Calcium is commonly known for its important role in bone health, but it is also needed for proper nerve and muscle function. This essential mineral also plays a role in blood clotting, enzyme function and maintaining a normal heart rhythm. Our body stores calcium in bones and teeth, and normal blood levels are tightly regulated mainly by fluctuations in parathyroid hormone. When intake is inadequate this hormone signals our body to extract calcium from our bones.
Many people don’t get enough.
Almost 30 percent of men and 60 percent of women over the age of 19 do not consume enough calcium, and more than 90 percent do not get enough vitamin D. Vitamin D aids in calcium absorption. Long-term exposure to inadequate calcium intake or absorption can result in osteoporosis, which affects about 17 percent of women and 5 percent of men.
Who is at highest risk?
People who follow a vegan diet or those with lactose intolerance may struggle to get enough calcium in their diet. Long-term use of corticosteroid medications and inflammatory bowel diseases both decrease calcium absorption. In addition, chronic use of proton pump inhibitors, a common treatment for reflux or GERD, and bariatric surgery procedures that bypass part of the small intestine result in decreased calcium absorption. Postmenopausal women are also at risk because decreased estrogen production reduces calcium absorption and increases urinary calcium loss.
How much do we need?
The Recommended Daily Allowance (RDA) for calcium intake is 1000mg/day for adults or 1200mg/day for women over 50 and men over 70. (The RDA for vitamin D is 600 IU daily for both men and women.)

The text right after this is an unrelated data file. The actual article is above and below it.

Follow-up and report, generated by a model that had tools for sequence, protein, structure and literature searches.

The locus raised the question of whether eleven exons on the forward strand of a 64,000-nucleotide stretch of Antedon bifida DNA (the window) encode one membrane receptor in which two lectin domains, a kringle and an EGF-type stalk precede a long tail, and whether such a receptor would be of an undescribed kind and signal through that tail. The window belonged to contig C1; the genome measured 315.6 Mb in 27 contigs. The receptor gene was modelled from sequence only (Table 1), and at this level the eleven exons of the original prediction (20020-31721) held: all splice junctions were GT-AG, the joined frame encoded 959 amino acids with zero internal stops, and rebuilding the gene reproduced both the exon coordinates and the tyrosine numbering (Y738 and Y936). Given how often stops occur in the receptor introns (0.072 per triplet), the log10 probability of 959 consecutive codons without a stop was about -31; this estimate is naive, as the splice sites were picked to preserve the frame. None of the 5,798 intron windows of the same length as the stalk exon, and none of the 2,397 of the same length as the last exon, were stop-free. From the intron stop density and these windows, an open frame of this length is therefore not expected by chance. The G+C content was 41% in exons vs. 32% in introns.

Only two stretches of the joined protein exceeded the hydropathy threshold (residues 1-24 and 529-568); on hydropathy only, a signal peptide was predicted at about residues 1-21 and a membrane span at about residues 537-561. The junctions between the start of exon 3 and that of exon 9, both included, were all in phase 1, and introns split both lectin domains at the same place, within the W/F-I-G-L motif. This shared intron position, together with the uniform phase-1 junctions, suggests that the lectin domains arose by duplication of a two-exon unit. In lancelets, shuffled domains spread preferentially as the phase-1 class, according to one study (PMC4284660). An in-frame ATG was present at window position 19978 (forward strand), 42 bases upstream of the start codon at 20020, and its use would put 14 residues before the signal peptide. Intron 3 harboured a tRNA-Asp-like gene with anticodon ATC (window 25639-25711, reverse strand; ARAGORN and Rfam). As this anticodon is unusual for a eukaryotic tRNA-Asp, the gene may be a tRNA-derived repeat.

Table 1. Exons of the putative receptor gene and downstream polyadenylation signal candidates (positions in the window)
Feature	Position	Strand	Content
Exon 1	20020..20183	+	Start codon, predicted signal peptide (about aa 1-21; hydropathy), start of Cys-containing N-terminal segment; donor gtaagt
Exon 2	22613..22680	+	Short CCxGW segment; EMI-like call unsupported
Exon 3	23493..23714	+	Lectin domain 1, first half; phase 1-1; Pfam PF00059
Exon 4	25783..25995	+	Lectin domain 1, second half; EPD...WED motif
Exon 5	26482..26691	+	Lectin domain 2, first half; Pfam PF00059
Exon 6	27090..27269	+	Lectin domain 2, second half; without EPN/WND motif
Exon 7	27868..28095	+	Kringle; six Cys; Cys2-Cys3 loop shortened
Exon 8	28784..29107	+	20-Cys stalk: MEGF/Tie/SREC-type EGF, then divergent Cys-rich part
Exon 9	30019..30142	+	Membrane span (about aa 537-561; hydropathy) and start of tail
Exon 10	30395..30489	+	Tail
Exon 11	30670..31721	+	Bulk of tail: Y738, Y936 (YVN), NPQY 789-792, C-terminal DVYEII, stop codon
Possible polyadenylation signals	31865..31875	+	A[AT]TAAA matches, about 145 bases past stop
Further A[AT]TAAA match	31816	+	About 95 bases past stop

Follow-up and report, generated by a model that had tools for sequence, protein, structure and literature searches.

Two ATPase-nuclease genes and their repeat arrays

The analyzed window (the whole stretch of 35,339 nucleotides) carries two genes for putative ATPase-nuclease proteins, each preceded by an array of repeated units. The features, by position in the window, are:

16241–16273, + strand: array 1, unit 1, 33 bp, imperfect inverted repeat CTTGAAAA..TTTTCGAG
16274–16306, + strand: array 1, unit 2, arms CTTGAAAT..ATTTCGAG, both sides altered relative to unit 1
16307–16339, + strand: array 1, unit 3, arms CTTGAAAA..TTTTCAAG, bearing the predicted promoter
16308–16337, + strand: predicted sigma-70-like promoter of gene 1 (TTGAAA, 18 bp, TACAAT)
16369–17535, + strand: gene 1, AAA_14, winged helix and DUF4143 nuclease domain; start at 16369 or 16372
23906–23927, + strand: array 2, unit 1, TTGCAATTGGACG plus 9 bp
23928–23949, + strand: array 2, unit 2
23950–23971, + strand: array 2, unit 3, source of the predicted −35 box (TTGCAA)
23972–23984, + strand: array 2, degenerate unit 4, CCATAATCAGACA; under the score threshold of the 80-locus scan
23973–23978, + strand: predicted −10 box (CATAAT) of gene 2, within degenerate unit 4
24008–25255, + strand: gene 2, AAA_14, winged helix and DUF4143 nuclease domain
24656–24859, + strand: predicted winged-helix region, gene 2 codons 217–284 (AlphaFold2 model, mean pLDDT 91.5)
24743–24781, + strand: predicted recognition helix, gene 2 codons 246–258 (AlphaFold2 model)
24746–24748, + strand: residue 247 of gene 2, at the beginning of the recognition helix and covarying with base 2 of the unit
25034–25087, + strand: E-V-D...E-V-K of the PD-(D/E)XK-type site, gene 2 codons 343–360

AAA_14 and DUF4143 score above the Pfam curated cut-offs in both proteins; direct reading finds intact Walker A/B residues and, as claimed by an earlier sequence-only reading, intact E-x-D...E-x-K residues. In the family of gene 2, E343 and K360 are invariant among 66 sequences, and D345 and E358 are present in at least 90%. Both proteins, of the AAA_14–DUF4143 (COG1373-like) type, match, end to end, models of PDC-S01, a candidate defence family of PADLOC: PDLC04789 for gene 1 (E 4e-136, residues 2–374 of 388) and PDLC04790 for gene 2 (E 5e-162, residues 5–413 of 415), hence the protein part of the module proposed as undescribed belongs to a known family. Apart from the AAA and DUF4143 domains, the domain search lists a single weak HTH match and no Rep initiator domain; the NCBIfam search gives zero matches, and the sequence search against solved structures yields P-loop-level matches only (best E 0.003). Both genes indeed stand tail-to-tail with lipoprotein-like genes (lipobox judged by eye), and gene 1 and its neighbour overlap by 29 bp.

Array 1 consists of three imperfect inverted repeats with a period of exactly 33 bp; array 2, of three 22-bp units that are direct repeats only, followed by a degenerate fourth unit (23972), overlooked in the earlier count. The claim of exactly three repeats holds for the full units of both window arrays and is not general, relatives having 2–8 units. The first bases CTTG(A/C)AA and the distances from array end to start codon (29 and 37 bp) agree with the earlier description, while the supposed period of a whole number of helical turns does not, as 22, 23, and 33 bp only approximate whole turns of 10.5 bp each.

Where can we get it?
Dairy foods are considered the best source of calcium, with milk and yogurt being the most nutrient dense. The recommended daily intake for adults is three-cup equivalents. About 90 percent of the U.S. population does not consume recommended amounts of dairy. Dark leafy greens may be considered a good alternative source for calcium, but absorption is limited by the oxalic and phytic acids they also contain.
Calcium content in foods:
Serving size Food Calcium (grams)
1 cup nonfat yogurt 488
1 cup calcium fortified almond milk 442
1 cup low fat yogurt 415
½ cup firm tofu 253 (if prepared with calcium sulfate)
1 cup calcium fortified orange juice 349
1.5 oz part skim mozzarella 333
3 oz. canned sardines 325
1 cup low fat milk 305
1 cup fat free milk 299
1 cup calcium fortified soymilk 299
1 cup low fat Greek yogurt 260
1 cup nonfat Greek yogurt 250
1 cup cooked mustard greens 284
1 cup cooked collard greens 268
1 cup cooked spinach 245
1 cup cooked bok choy 185
1 cup cooked kale 177
3 oz. canned salmon with bones 181
1 Tbsp tahini (sesame paste) 154
1 cup low fat cottage cheese 138
¼ cup almonds 100
For those who are not able to consume enough dairy or calcium fortified foods a supplement is a good option. Aim to stay within the RDA from foods and supplements. The Tolerable Upper Limit from supplements is 2500mg/day for adults or 2000mg/day for women over 50 and men over 70 to avoid possible health risks associated with over-supplementation. Always consult a healthcare professional before taking dietary supplements.
Helaine Krasner, MS, RDN, CSOWM, CDN is a registered dietitian nutritionist who takes great pride in helping our Bariatric and Medical Weight Management patients achieve their health and weight loss goals.